Parr

Young salmon of from 2-20 g in weight with 10-12 fingerprint-like areas of pigmentation (parr marks) along the middle of each side of the body.

Silver Parr Young salmon of from 1 1-50 g in weight with sufficient guanine deposition in the epidermis to produce a shiny, silvery appearance on the body flanks but not sufficient to completely obscure the parr marks.

Smolts Young salmon generally of 11-60 g in weight with sufficient deposition of guanine in the epidermis to produce a shiny, silvery appearance from the ventral surface up to the dorso-lateral region of the body totally obscuring the parr marks; the fish have matured in fresh water to a state where they would, in their natural habitat, migrate to the sea for the first time.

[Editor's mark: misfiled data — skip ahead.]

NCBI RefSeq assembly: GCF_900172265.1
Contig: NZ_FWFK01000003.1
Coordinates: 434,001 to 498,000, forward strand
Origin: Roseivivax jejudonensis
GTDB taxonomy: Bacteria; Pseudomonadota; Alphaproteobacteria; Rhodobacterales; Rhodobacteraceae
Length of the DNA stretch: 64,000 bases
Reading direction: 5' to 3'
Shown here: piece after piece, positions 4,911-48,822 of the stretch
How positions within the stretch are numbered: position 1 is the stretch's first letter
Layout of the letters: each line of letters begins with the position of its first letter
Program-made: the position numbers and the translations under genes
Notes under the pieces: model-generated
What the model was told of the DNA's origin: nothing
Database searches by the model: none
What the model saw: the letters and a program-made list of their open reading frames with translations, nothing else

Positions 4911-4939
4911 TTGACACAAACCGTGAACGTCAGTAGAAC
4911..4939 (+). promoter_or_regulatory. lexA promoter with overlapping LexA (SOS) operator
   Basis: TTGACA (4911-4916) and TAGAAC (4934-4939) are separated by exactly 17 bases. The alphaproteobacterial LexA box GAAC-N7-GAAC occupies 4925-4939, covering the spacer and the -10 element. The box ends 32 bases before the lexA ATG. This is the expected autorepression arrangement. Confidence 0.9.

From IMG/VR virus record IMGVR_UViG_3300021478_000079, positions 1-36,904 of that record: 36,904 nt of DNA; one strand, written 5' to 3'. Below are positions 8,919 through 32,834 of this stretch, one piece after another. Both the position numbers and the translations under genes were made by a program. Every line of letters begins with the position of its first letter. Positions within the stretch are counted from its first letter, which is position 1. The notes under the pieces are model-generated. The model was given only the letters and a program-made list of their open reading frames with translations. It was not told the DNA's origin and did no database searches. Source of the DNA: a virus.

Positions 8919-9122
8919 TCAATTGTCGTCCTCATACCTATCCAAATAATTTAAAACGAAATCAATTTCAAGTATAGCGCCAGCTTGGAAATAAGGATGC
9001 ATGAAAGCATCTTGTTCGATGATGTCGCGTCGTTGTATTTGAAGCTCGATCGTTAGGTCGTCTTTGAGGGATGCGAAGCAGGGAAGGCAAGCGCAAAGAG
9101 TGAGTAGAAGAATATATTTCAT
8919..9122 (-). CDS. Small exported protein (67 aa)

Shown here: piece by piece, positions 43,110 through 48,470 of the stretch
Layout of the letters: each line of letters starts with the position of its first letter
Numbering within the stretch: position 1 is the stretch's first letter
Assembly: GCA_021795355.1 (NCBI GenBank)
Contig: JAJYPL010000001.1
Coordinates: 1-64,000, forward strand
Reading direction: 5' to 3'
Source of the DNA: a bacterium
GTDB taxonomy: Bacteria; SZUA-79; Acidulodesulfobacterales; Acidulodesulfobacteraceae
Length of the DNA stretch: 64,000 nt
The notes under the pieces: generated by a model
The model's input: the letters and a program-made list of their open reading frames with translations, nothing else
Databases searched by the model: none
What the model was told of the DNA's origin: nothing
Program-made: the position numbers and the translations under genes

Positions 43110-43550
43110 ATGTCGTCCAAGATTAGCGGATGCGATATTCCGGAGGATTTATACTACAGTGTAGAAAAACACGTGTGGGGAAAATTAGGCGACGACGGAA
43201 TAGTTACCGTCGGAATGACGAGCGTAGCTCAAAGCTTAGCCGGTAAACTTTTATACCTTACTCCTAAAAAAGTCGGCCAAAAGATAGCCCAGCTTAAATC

EXAMPLE 1 This Example compares the use of a land based sea water tank and a wire mesh cage floating in natural tidal sea water in the direct transfer of salmon smolts. Materials and Methods 887 salmon smolts were selected for the experiment from a mixed population of smolts and parr. The fish in the mixed population were the survivors of a group of 1,000 fish which had been graded in March of the second year of the experiment as large parr, with an average weight of 9.06 g, from several populations of parr which hatched in March of the first year of the experiment from Shin river salmon eggs. From May to September of that first year, the fish in these populations had been fed on minced ox liver with an occasional supplement of mineral m'ix. However, from September, these populations were weaned at intervals from liver to Ewos dry salmon food. All populations were successfully weaned on to dry salmon food by December of the first year of the experiment and were maintained on dry food thereafter. The Condition Factor of these fish varied from 0.80 to 1.08 with an average value of 0.91.